1. Hi, I really liked the simplicity of this 10 point approach, it reminded me of a piece of training I did years ago with what was Thomson Local Directories. This worked on the Steps of the Sales, linked to the Customer Transistion; in other words tailor a sales pitch to match the mentals stages every buyer must go through in order to make a purchasing decision. Its amazing that over the years this small part of the training has remained relevant and I have used it for training for years!

    The bottom line is that you must give the buyer a reason to make the decision to use you. It must be compelling and become the key solution to the buyers needs.


  2. This is good but does not go deep enough. Any good Agency will be doing all this so you are at a same level in the race by doing ALL this.

    Ultimately its all down to the chemistry. Sure, the client wants a team that really wants it; who inspires and fills them with a sense of trust. Just as we do when looking to recruit a new face in our team, Clients make emotional choices based on people – people who they believe they can work well with, will listen to them, and who they can trust to come up with a solution to their business problem.

    But the key issue is this: its the team who can deliver this most AUTHENTICALLY will win.

    And please do not think that its easily ‘done’ with a warm handshake,a sense of bon ami, and a good line of patter – clients are much too clever to be hoodwinked by the usual fake agency smooze. Being real. Really real is critical these days. And that is the truly difficult bit. So get away from behind the powerpoint, sit down and be ‘seen’ for who you really are.

    • I think points 7-8-9 cover this off, but appreciate your comments. I’m surprised just how many agencies dont in fact do these ten things or do them well.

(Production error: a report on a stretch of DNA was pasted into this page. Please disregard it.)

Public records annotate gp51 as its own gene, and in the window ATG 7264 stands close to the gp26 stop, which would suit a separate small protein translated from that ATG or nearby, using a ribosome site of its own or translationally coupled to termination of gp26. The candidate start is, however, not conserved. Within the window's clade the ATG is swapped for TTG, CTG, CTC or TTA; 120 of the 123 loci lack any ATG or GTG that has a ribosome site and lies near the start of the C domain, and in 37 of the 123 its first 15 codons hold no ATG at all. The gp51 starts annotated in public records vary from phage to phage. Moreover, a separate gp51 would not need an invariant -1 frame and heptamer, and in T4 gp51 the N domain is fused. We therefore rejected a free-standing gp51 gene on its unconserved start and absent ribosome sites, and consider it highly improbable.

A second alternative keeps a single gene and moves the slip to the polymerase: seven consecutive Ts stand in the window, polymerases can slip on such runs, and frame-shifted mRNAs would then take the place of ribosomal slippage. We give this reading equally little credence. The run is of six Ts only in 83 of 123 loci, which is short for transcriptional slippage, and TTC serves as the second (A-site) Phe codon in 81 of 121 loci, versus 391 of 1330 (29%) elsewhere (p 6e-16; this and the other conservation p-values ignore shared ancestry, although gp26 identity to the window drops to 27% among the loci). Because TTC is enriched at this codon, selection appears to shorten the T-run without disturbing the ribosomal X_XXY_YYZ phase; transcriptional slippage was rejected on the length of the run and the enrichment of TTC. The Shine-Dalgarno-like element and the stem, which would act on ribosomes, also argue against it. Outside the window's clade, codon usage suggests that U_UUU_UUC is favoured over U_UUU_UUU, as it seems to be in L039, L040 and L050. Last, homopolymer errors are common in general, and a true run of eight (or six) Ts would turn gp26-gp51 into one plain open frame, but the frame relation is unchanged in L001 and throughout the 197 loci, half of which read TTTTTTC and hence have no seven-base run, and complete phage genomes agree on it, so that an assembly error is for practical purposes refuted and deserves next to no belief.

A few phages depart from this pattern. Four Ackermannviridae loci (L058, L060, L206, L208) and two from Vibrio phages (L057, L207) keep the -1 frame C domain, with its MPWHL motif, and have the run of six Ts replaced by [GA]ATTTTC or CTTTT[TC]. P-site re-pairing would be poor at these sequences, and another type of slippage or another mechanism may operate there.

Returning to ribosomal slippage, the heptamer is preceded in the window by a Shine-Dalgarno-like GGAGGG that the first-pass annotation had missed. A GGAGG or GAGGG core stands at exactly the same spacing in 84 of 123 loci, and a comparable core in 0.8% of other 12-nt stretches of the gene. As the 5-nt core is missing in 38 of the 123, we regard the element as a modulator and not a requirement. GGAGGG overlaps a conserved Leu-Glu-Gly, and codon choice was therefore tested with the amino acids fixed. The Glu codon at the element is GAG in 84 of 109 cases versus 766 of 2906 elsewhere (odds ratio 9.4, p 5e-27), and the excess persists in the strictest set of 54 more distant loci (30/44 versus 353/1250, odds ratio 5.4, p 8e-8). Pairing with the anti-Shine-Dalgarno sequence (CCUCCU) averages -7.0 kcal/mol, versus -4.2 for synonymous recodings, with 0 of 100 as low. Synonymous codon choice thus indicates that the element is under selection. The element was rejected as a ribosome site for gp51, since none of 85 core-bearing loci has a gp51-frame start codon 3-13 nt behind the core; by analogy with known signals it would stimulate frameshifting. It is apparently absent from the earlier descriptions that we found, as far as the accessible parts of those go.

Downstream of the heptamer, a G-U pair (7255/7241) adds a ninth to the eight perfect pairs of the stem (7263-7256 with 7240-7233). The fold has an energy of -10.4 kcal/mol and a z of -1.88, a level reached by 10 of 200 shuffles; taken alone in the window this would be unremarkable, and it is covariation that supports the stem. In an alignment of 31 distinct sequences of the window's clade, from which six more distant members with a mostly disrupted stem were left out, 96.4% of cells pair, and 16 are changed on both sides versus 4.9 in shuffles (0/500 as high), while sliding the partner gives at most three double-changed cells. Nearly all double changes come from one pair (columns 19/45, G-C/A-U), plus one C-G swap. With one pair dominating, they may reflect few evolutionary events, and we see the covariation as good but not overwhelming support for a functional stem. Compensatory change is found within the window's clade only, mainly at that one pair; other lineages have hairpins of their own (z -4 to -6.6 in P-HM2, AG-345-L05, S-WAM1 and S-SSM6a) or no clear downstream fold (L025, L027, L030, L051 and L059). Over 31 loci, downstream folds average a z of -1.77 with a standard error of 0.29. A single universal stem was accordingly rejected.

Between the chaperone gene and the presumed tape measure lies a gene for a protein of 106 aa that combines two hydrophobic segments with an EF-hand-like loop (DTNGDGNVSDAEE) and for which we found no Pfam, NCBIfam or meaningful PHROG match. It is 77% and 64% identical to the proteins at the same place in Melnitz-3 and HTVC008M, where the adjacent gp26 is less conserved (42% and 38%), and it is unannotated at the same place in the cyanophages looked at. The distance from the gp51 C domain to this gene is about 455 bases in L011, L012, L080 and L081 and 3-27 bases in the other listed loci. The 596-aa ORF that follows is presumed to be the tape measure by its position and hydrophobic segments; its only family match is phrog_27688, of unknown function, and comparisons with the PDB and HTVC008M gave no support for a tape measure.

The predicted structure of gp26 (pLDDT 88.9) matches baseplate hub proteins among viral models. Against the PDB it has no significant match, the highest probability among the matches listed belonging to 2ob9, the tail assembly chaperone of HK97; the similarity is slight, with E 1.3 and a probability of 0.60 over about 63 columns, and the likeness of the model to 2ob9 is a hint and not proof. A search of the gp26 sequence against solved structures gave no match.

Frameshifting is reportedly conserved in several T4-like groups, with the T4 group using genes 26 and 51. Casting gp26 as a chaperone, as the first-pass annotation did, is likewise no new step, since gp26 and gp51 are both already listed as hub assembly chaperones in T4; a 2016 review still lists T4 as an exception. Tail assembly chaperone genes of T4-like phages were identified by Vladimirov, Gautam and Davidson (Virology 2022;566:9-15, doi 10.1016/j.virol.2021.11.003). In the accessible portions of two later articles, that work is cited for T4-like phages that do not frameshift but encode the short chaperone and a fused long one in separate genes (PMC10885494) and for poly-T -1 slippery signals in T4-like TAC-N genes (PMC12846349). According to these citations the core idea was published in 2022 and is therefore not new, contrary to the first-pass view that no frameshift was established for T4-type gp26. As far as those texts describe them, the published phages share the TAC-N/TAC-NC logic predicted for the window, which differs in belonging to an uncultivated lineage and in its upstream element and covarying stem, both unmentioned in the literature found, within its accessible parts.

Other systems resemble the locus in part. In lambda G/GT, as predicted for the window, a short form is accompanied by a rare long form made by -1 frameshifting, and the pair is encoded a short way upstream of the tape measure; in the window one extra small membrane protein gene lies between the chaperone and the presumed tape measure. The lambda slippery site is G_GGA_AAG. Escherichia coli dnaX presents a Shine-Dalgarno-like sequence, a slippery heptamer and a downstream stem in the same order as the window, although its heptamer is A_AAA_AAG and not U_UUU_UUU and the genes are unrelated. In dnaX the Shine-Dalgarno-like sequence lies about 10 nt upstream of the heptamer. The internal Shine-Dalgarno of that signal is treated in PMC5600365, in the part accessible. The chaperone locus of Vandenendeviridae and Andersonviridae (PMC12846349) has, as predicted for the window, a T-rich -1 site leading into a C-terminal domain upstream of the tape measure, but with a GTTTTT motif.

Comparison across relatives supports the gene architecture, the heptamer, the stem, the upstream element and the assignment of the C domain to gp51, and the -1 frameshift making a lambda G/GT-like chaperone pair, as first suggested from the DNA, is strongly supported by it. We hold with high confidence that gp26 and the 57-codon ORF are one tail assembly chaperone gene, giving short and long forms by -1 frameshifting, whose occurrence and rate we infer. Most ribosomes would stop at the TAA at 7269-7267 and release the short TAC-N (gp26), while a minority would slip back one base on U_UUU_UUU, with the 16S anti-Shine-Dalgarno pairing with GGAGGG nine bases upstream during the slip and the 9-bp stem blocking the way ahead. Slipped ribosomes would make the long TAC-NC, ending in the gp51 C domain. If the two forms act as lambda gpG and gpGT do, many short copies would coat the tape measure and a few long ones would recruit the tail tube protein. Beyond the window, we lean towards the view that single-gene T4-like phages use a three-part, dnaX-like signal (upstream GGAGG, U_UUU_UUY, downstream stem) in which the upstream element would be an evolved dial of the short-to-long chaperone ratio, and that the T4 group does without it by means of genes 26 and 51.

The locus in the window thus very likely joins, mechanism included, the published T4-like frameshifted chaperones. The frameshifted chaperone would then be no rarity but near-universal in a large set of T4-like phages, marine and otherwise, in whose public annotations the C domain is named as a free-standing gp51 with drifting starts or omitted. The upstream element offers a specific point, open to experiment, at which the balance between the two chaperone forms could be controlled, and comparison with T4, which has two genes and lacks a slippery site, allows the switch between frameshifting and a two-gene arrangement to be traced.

3. Hi,

    I really like your post. And especially in our current economic climate any advice that allows a company to stand out in a pitch is absolutely invaluable. I have a couple of points I would like to add.

    Firstly and this is hardest one to do, but one that produces amazing results. Find an ex-senior member of the company you’re pitching to and hire them for the duration of the pitch. They will give you insights into the company, the company values, the direction they want to go in, who’s going up and who’s moving out, etc etc. Plus, rehearsing the pitch in front of this ex-employee is critical in terms of getting things right and making sure you’re on message, on brief, talking to their values and more.

    Secondly, belief. You have to believe you have the best offer and you can win. There is so much communicated that is not said and that we pick up on. Believe you have the best solution and believe you can build a strong, lasting relationship with the client. If you can’t do this yourselves, you might need to find someone who can help you. This second point is particularly important if you have been losing a number pitches.

    Thirdly, you need to ask questions in the pre pitch meetings that allows you to tailor your communication in the pitch. There are a number of simple questions that elicit powerful value statements from the clients. During the pitch, you feed back these answers, demonstrating you can address them, deal with them and fulfil the clients needs. This will really help your company stand out during the pitch.

    Happy pitching.

  4. Pingback: Business pitch learnings (from Eurovision) | The Marketing Assassin